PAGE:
Our purser in the passenger cabin was Bill Scouler, a comrade of the flying boats. He was taking a few days off from his catering business to be our one and only cabin attendant. Besides tending his duties as purser, he would double up as a steward, nursemaid, and diplomat.

His skill as a diplomat was fortunate. The Pasha was not an understanding passenger. Being unhappy with the austere accommodations he took to storming up and down the cabin aisle most the night, his head wrapped in a towel to ward off the persistent drafts that attacked him from every nook and corner of NC58021. His two companions could do nothing to calm him down,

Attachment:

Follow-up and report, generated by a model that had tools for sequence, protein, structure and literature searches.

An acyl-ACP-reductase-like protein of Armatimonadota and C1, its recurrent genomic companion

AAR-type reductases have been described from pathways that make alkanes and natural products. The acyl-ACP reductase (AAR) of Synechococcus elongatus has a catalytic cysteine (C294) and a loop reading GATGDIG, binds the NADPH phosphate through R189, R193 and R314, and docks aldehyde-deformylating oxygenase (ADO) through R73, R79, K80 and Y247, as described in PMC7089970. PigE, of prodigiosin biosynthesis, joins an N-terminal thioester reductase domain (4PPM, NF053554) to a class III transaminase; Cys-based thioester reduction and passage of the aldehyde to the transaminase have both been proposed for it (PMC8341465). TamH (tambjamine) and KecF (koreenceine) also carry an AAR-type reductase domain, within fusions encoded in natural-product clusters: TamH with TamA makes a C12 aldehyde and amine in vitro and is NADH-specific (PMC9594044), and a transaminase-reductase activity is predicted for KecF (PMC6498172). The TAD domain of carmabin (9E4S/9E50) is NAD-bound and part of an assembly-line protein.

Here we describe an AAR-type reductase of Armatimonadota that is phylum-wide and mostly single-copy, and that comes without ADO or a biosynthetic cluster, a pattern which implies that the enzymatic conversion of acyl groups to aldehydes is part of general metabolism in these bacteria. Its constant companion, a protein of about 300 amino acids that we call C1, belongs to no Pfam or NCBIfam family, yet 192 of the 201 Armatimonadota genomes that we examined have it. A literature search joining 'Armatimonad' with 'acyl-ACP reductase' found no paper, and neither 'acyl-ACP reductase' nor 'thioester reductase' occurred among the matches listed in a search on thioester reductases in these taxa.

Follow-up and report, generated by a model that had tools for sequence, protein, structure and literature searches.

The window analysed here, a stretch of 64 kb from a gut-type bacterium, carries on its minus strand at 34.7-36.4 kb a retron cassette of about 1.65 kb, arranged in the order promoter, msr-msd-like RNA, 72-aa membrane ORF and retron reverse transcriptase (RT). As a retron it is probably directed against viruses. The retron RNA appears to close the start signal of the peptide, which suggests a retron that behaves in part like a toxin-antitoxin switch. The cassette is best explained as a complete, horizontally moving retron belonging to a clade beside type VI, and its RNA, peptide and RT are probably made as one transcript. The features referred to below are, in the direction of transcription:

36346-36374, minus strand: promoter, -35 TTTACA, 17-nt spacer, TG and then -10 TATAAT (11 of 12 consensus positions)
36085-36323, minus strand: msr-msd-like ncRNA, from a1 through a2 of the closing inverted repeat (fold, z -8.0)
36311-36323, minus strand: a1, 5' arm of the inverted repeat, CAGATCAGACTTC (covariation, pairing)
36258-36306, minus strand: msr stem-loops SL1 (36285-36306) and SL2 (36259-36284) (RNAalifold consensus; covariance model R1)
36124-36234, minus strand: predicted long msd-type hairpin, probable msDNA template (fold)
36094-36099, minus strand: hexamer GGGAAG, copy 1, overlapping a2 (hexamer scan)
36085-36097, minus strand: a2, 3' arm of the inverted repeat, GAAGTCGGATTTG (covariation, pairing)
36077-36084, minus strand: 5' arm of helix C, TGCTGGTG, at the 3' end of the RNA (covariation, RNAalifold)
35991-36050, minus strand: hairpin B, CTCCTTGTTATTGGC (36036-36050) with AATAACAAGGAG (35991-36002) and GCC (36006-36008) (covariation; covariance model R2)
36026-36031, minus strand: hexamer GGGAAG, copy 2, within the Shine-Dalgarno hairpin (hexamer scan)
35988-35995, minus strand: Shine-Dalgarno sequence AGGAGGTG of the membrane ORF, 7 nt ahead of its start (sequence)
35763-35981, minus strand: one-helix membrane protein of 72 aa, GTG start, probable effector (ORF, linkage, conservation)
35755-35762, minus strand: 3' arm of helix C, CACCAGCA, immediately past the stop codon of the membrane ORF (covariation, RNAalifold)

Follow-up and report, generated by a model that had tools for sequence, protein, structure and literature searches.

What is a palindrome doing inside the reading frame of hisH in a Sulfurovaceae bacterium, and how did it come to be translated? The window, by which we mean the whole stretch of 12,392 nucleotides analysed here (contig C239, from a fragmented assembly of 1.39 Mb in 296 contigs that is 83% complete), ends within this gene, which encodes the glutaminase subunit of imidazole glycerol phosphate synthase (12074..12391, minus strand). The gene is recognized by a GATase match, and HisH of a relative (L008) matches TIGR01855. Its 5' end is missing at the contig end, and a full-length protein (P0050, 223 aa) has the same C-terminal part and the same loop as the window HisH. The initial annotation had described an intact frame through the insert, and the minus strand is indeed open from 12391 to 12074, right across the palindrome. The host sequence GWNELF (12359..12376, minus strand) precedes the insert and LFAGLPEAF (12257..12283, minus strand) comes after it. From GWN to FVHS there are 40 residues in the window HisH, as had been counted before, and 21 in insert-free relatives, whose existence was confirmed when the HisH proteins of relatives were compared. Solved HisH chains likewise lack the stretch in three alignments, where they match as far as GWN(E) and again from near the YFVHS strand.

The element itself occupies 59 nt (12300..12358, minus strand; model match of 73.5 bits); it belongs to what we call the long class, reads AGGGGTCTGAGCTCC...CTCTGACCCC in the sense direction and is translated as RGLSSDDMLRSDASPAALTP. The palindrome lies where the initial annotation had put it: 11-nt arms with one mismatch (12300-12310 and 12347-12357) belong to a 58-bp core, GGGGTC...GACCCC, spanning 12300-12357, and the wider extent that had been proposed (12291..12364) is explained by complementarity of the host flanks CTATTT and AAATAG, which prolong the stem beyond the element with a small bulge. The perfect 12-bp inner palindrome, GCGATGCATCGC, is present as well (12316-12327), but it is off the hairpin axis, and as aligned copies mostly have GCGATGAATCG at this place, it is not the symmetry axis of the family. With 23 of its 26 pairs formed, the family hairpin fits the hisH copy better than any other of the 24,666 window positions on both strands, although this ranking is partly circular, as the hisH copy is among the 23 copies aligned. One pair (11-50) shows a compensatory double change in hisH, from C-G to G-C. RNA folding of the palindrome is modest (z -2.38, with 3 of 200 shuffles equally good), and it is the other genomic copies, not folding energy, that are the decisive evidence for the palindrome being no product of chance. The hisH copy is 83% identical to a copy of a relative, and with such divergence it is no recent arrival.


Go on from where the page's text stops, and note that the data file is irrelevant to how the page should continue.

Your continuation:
We refueled in Stephenville, Newfoundland, and by the time of our arrival over Paris the cabin behind us was in a state of festering turmoil. To make matters worse we were obliged to divert to London after circling for an hour over Paris, waiting in vain for our turn to land in everlasting thickening fog at Orly.

A diversion to London was usually a routine maneuver, but unfortunately it was past midnight when we arrived. The Pasha had missed a Paris airport rendezvous with some political pals, and this brought forth a new spasm of abuse and agitation.

The landing at London caused other difficulties. Our maps and radio=facility charts for the journey to Arabia were waiting for us in Paris, together with instructions for routing beyond Cairo. To meet the deadline, we had been obliged to leave New York in a hurry, and no one from Aramco who came to La Guardia Airport knew our final destination - not even the passengers. Just fly toward Arabia, we were told. Someone in Paris would furnish the details.